methods, such as competitive and individualistic learning. It gives guid-
ance for dening the instructor’s role in using (together or separately)
formal cooperative learning, informal cooperative learning, and cooper-
ative base groups.
Fourth, the use of cooperative learning groups creates certain opportu-
nities that do not exist when students work competitively or individually.
In cooperative groups, students can engage in discussions in which they
construct and extend conceptual understanding of what is being learned
and develop shared mental models of complex phenomena. Group
members can hold students accountable to learn, provide feedback on
how well they are doing, and give support and encouragement for fur-
ther attempts to learn. Students can observe the most outstanding group
members as behavioral models to be emulated. It is through discussions
in small groups that students acquire attitudes and values (such as the
need for continuous improvement). Finally, it is within cooperative groups
that students establish a shared identity as members of the university.
These, and many other opportunities, are lacking when students learn
competitively or individualistically.
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Journal on Excellence in College Teaching118
David W. Johnson is an emeritus professor of educational psychology at the Univer-
sity of Minnesota. He is co-director of the Cooperative Learning Center. He received his
doctoral degree from Columbia University. He has authored over 500 research articles
and book chapters. He is the author of over 50 books and a past editor of the American
Educational Research Journal. He held the Emma M. Birkmaier Professorship in
Educational Leadership at the University of Minnesota from 1994 to 1997. He has re-
ceived numerous awards from many different professional organizations. For the past 45
years, Dr. Johnson has served as an organizational consultant to schools and businesses
throughout the world. Roger T. Johnson is an emeritus professor of education at the
University of Minnesota and is co-director of the Cooperative Learning Center. He holds
his doctoral degree from the University of California in Berkeley. In 1965, Dr. Johnson
received an award for outstanding teaching from the Jefferson County Schools, and has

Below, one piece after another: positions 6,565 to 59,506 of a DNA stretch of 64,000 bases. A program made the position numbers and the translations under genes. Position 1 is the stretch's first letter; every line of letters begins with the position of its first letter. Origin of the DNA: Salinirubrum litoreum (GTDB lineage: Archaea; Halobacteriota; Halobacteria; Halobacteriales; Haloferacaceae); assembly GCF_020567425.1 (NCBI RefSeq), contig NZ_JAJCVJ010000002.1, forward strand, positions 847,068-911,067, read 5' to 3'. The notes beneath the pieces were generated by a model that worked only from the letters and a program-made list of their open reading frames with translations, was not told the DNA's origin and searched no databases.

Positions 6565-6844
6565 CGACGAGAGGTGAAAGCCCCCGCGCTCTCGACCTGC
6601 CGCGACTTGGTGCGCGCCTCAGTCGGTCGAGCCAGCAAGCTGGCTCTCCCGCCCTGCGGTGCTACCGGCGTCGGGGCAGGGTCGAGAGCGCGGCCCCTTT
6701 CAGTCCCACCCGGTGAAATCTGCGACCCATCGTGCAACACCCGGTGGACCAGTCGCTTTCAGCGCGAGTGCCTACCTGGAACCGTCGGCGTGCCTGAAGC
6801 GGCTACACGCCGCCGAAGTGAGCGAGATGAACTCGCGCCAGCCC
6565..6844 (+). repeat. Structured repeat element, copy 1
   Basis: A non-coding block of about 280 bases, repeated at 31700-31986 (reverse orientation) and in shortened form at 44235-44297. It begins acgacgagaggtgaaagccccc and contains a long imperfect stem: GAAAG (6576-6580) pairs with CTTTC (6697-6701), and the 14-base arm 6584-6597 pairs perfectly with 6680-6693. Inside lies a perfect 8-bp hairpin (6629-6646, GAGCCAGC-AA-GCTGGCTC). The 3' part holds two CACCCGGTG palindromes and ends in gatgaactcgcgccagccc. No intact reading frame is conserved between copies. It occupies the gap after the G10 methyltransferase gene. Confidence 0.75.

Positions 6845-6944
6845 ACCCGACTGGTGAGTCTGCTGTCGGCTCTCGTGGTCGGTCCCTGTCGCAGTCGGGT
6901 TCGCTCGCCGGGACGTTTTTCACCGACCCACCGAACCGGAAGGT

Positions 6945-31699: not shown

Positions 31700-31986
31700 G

since been honored with numerous national awards. He was a curriculum developer
with the elementary science study at Harvard University. For three summers he taught
classes in the British primary schools at the University of Sussex. He has consulted with
schools throughout the world. Dr. Johnson is the author of numerous research articles,
book chapters, and books. Karl A. Smith is cooperative learning professor of engineering
education, School of Engineering Education, at Purdue University. He is also emeritus
professor of civil engineering, Morse-Alumni Distinguished Teaching Professor, executive
co-director of the STEM Education Center, and faculty member, Technological Leadership
Institute at the University of Minnesota. Karl consults with thousands of faculty all
over the world on pedagogies of engagement. His interests include building research and
innovation capabilities in engineering education; the role of cooperation in learning and
design, modeling, and knowledge engineering; and project and knowledge management
and leadership. He is a fellow of the American Society for Engineering Education and
past chair of the Educational Research and Methods Division.
... Једно од главних истраживачких питања у домену истраживања кооперативног учења односи се на ефекте кооперативног учења на ученичка постигнућа (Durukan, 2011;Gupta & Ahuja, 2014;Madhu & Jyoti, 2014;Pan & Wu, 2013;Shafqat & Rana, 2014;Stevens, 2003). Такође, међу истраживањима у овој области често се могу пронаћи и она истраживања која се баве ефектима кооперативног учења на интерперсоналне односе (Er & Ataç, 2014;Van Ryzin & Roseth, 2019) или ефектима кооперативног учења на психолошко здравље ученика (Buljubašić Kuzmanović, 2009;Er & Ataç, 2014;Johnson et al., 2014;Maden, 2011). У наведеним истраживањима, посматрајући њихов методолошки приступ истраживаној појави, запажамо да је у великој мери примењена управо квантитативна истраживачка метода која подразумева проверу теорија и хипотеза, уочавање узрочних веза, проучавање повезаности варијабли и регистровање разлика између скупина (Milas, 2009;Savićević, 1996;Smith & Zajda, 2018), а све то са циљем да се испитају ефекти кооперативног учења. ...